We all have something we would like to change about our work selves. Maybe it's a new skill to learn, additional knowledge to acquire, a level of discipline to which we aspire, or more consistent results we covet. And, sometimes it isn't even about what we want, it's about what we don't want. We no longer want to fear our clients; we are tired of accepting "the way we've always done it"; we become frustrated by inefficiencies; we are no longer willing to accept mediocrity.
Unfortunately, sitting around thinking about what we want, or don't want, gets us nothing but frustrated. And, in an attempt to deflect responsibility for inaction, we find too many excuses to not get started.
I don't have the necessary resources - Sure, the economy has been slow and we have to be more careful than ever about how we spend our money. However, this is still business and being successful still means making the right investment. Stop focusing on the price of the investment alone and weigh it against the potential return. Make yourself identify your "cost of doing nothing", and you may find the investment is by far the least costly decision.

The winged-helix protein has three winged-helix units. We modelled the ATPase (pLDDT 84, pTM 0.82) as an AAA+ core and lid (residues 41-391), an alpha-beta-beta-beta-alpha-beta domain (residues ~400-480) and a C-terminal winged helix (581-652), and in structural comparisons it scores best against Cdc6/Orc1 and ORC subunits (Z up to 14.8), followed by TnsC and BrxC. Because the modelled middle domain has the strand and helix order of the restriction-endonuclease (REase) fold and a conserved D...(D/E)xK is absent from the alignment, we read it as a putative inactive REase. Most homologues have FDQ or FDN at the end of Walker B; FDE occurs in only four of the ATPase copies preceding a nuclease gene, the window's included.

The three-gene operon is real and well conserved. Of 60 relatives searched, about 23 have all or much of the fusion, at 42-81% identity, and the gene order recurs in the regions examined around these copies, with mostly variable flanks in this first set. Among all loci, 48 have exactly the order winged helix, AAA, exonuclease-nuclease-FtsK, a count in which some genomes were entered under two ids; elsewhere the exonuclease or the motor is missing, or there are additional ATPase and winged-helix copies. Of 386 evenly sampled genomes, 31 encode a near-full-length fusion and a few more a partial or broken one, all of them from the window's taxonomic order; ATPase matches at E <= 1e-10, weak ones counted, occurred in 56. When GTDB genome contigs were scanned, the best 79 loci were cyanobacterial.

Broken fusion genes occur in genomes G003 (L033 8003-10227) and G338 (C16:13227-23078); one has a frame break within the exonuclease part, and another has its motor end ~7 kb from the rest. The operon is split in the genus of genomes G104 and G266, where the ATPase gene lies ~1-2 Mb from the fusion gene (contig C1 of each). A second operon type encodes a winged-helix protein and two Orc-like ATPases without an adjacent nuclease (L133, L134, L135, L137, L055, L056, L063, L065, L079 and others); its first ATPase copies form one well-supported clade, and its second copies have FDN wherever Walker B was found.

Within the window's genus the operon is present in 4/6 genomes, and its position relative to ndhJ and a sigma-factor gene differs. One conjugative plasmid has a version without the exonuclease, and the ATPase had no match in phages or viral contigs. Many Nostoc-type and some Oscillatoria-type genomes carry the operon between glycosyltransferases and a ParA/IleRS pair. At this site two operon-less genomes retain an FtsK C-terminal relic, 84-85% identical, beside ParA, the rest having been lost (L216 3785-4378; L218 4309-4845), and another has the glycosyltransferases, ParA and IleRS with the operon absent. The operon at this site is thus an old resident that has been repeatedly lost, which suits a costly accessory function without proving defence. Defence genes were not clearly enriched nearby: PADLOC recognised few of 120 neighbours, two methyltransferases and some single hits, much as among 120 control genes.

I'm not sure how to implement the needed change - Tap into your peer group. I am certain someone in your peer group has either already figured it out or is willing to help you figure it out. Doing anything new will most certainly involve some missteps, and that's okay. Sticking with a broken status quo will definitely cause problems, and that's unacceptable.
I need to feel the pain before I'll do something - Most people won't say as much, but we see it in their actions, or inactions to be more accurate. If waiting only led to pain for you, that would be bad enough. However, when your inaction causes pain for others, it's inexcusable.
But, sometimes you have an idea, you see a way to implement, the resources are available, and you can see the pain and want to avoid it at all cost. Sometimes, the only thing holding you back is a little bit of self-doubt about whether or not you are right. If that's all that's holding you back, go get the validation from somebody on your team or a peer whose opinion you trust.
Describe for them:
- Exactly what it is you want to start/stop doing.
- Why it is important.
- The investment needed to make it happen as well as the cost of doing nothing.
- The first few steps you will take to implement.
- The performance pain you anticipate if you don't take action.
If going through this exercise and putting your ideas on paper isn't enough to get you moving, the conversation with whomever you ask will certainly do the trick. Of course, be open to feedback. There are always ways to make great ideas even better.
Photo by William Warby.
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